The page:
Most artists, unless they are selling a lot of work, need a good side job. For some, it’s just a way to pay the rent; for others, it’s a parallel passion. But whether they consider it a temporary solution or a career, a boon to their art or something entirely separate from it, the artists we interviewed below all seem to find satisfaction in what they do for money—maybe because they’re artists.
A slide show of the artists’ works appears at the end of the article.
Diamond Stingily makes sculptural installations from found and ready-made objects (a recent show at New York gallery Ramiken Crucible featured documentary video footage, old doors, baseball bats, and Kanekalon hair). She used to work in a pet shop; she’s now a waitress at Toad Style, a vegan restaurant in the Bedford Stuyvesant neighborhood of Brooklyn. It helps that her managers, who are musicians, are supportive of her art career. “They really understand what I’m trying to do,” she says. For an emerging artist like Stingily, a reliable income and a flexible schedule are particularly important. But waitressing is not just a means to an end. “My job is a way of surviving, but that doesn’t mean I’m not informed or inspired by it,” she says. “I meet a lot of interesting people who also happen to be hungry.”
Everest Hall, whose work encompasses drawing, painting, and collage, is a stylist at the New York clothing boutique Kirna Zabete. He received his MFA from Yale in 1998 and, as he tells it, “I didn’t want to be a studio assistant, I didn’t want to teach, and I didn’t want to pack art.” He worked at a bank before moving into fashion. “There’s a misconception that fashion is a superficial business and stylists are only concerned with the artifice of it all, but we aren’t. I’m very interested in what’s happening with you, inside of you. It’s very intimate.” Most important, he can support his art. “When I was selling with galleries,” he recalls, “it was stressful. There’s a lot of pressure on the galleries, a lot of pressure on the artists.” This way, he says, “I can make work for myself. Which is the best way to do it.”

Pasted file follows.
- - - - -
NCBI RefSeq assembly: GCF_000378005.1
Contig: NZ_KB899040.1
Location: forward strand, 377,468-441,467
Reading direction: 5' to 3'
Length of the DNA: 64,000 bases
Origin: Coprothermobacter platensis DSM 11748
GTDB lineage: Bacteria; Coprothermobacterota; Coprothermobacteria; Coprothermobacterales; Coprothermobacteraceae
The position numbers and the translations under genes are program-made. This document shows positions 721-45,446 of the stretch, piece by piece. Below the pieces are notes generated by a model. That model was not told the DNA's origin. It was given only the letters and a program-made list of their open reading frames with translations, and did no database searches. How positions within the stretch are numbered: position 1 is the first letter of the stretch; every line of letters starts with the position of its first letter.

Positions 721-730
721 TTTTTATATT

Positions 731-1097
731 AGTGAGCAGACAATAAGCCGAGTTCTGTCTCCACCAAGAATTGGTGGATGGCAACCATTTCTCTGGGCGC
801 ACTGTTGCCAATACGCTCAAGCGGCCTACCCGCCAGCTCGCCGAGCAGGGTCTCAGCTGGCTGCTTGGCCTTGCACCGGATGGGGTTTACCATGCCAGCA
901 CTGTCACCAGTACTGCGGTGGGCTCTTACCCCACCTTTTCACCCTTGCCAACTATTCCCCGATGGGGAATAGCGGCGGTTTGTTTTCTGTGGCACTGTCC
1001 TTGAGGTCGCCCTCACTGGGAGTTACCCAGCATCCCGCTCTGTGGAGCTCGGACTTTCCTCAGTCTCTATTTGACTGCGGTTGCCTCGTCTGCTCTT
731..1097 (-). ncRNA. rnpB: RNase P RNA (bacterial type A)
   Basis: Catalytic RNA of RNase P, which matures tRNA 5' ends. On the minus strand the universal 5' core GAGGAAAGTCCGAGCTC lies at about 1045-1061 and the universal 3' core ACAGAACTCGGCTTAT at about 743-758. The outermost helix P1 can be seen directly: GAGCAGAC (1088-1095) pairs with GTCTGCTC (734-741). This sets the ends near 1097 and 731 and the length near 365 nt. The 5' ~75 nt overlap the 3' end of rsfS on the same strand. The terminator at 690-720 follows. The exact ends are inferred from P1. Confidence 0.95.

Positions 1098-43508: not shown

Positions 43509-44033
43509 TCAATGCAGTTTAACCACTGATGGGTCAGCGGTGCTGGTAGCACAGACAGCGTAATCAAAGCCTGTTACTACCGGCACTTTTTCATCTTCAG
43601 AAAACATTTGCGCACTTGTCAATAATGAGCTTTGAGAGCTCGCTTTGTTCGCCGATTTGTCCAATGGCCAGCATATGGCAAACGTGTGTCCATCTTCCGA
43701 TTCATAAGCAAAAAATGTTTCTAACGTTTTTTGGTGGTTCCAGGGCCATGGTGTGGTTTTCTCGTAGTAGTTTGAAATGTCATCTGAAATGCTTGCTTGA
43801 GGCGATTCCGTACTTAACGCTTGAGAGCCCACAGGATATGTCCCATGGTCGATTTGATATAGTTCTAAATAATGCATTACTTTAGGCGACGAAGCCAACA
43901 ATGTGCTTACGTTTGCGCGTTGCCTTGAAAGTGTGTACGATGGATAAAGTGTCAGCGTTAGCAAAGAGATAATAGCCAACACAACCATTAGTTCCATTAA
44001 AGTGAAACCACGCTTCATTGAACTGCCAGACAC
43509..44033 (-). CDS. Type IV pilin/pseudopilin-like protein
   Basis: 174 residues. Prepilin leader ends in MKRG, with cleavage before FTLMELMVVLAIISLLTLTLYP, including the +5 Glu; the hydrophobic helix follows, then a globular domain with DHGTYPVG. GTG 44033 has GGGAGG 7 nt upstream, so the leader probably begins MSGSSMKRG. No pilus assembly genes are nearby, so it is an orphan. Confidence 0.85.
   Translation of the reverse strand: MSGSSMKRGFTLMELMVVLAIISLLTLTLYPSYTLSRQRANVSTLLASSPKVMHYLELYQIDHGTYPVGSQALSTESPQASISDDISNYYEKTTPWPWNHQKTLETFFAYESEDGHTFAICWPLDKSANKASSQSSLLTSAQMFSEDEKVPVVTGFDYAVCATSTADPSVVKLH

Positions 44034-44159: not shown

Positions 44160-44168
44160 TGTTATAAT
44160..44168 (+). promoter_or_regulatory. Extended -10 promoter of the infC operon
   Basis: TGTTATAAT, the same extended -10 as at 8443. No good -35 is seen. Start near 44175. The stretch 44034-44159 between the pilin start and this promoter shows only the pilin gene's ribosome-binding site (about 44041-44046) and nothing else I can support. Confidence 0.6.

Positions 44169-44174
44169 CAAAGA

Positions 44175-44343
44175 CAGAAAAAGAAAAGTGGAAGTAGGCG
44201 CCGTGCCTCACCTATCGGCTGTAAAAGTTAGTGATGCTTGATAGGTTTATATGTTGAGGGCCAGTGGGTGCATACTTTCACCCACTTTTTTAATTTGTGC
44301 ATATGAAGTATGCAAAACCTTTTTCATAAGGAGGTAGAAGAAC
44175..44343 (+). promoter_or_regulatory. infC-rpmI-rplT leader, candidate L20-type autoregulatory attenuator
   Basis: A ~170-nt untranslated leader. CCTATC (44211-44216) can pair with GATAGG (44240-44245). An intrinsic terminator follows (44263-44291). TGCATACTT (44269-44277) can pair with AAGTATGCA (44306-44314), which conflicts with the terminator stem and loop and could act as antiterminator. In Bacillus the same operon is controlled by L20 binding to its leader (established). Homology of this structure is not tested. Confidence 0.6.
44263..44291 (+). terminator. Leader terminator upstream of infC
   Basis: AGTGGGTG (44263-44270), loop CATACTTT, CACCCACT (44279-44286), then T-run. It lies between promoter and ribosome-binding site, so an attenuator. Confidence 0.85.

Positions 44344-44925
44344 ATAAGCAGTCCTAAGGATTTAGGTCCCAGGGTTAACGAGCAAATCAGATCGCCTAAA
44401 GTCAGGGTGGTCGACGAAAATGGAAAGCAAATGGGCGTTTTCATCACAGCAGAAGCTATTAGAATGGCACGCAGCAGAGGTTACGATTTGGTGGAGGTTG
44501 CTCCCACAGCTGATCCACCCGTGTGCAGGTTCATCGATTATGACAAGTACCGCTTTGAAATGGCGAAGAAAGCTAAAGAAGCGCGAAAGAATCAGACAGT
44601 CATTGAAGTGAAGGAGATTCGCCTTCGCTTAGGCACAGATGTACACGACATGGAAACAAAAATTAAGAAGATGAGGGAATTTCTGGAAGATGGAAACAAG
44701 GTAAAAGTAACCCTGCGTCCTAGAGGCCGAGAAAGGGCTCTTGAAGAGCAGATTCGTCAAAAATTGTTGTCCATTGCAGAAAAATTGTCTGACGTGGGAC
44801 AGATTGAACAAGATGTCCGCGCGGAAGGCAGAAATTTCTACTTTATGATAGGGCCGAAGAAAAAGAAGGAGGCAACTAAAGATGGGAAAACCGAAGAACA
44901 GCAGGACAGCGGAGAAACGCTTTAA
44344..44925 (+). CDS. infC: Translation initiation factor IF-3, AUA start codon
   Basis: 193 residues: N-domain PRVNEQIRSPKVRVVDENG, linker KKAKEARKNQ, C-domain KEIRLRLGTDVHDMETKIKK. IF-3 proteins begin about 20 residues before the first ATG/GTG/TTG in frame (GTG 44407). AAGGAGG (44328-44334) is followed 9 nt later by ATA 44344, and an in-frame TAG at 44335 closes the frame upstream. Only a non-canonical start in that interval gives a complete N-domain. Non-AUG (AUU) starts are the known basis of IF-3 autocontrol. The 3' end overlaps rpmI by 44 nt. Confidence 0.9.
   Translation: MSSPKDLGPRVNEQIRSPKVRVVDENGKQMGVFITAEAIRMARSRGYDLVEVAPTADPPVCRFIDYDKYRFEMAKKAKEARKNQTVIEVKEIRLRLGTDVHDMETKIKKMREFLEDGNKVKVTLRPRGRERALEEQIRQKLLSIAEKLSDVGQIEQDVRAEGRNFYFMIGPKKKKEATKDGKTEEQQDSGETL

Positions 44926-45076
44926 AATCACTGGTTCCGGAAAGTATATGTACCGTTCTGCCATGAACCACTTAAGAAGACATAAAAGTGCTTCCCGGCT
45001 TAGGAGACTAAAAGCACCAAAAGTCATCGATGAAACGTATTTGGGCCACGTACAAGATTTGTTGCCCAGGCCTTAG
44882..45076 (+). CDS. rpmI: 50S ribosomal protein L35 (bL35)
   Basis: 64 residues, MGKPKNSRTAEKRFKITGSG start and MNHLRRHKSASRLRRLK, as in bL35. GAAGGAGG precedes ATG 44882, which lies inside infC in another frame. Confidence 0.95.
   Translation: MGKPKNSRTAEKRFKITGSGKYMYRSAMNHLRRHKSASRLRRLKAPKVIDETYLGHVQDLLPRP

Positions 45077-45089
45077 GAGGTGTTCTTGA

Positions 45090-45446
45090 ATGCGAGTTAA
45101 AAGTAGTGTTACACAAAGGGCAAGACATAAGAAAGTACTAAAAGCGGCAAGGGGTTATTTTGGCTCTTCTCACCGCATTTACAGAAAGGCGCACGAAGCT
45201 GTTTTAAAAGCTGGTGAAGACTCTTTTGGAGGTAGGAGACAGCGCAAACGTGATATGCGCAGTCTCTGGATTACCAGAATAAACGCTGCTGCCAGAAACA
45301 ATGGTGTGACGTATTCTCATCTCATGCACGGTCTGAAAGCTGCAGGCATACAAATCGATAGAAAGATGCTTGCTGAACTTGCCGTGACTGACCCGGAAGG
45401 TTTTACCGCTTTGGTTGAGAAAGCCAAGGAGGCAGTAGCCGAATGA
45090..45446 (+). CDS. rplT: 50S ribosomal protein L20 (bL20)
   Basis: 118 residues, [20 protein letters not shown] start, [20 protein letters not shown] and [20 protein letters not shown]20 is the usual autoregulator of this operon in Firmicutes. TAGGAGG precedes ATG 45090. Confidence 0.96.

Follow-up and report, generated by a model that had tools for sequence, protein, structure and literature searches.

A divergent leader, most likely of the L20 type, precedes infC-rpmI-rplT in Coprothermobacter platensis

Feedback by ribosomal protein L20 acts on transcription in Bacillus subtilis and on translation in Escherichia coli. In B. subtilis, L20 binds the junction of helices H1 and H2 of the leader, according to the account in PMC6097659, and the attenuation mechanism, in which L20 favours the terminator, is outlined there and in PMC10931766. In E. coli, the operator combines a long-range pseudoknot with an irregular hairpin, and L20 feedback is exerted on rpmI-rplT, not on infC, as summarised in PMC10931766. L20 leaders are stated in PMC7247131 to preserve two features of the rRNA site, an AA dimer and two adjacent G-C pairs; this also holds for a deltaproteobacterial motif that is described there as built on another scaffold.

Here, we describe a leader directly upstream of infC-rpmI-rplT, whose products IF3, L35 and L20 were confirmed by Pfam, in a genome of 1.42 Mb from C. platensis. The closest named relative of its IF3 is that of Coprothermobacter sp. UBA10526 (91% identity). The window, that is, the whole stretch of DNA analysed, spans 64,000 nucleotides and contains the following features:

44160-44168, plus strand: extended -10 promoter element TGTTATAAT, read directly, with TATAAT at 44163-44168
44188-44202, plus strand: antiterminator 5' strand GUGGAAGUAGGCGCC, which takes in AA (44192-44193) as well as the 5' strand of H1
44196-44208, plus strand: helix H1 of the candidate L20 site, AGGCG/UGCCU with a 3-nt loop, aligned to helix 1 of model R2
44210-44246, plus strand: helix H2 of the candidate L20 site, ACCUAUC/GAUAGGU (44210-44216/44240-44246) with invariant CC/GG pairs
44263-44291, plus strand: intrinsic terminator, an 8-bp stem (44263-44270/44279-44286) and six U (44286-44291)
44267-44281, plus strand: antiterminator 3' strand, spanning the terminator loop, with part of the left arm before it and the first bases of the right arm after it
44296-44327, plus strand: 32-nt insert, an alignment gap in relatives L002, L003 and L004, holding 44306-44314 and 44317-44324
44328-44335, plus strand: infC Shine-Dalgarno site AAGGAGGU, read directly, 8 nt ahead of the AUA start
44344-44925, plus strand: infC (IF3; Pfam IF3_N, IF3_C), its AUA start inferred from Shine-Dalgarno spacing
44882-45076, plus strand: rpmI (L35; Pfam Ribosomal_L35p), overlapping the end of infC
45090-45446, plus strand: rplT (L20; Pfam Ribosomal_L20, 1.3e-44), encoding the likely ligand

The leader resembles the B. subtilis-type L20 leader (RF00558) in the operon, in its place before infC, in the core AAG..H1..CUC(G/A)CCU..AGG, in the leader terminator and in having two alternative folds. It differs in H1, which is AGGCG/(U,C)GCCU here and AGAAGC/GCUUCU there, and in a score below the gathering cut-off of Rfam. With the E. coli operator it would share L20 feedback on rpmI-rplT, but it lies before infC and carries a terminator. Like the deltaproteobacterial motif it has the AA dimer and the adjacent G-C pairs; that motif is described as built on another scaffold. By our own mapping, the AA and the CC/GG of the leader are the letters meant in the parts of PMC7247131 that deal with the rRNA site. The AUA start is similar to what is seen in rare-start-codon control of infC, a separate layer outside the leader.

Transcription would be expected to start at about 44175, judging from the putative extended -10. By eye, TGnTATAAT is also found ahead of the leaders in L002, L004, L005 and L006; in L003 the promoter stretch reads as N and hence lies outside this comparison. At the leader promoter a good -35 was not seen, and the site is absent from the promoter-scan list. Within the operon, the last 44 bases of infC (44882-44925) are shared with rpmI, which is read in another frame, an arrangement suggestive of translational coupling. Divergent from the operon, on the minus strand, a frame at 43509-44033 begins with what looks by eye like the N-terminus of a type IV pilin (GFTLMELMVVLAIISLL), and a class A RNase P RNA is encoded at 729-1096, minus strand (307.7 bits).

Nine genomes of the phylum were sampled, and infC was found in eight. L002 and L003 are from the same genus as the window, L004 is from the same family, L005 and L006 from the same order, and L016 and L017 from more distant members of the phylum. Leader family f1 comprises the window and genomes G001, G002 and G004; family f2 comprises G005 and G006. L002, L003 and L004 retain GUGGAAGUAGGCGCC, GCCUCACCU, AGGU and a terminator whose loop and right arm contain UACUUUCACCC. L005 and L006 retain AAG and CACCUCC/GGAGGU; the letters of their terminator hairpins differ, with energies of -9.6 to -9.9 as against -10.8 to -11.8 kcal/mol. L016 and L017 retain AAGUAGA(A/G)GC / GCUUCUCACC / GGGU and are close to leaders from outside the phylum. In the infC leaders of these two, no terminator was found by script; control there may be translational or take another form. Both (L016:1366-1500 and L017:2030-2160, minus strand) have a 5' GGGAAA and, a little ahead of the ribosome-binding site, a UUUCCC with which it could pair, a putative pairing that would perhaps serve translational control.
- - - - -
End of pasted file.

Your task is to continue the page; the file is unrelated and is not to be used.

Michael Netter, whose paintings feature superimposed iconic faces (George Washington, Minnie Mouse), also has his own business as a management consultant. The majority of his clients probably don’t know that when Netter was in his 20s, he was a member of Andy Warhol’s inner circle, making more than 200 videos of Factory superstars like Candy Darling and Joe Dallesandro. While this early experience might appear unlikely preparation for a corporate career, Netter doesn’t see it that way. “What’s different about my two jobs,” he says, “is work style. Consulting is collaborative, highly structured, contextual, solution oriented. Painting is reflective, solitary, unstructured, enigmatic. Consulting is about answering questions, painting is about questioning answers. Same path; different directions.” Netter’s consulting work also allows him creative freedom. “Having a career as a consultant has allowed me to paint unencumbered by concerns about public acceptance and supporting my family,” he told me, adding, “I’ve never felt the need to choose one job over the other. Neither robs me of my ability or desire to do the other, so I just do both.”
Karen Heagle & Richard Tinkler
Painter Karen Heagle has had day jobs since she moved to New York in the late ’90s, including as a guard at the Metropolitan Museum of Art, and working for a short time in artist Robert Gober’s studio. It was Gober, in fact, who recommended Heagle for her current gig as a gallery attendant at Matthew Marks in 1999. Heagle, whose paintings are queer interpretations of historical artworks, has been the face of the gallery’s main space ever since. Next door, artist Richard Tinkler has been manning the front desk at the gallery’s second space since 2005.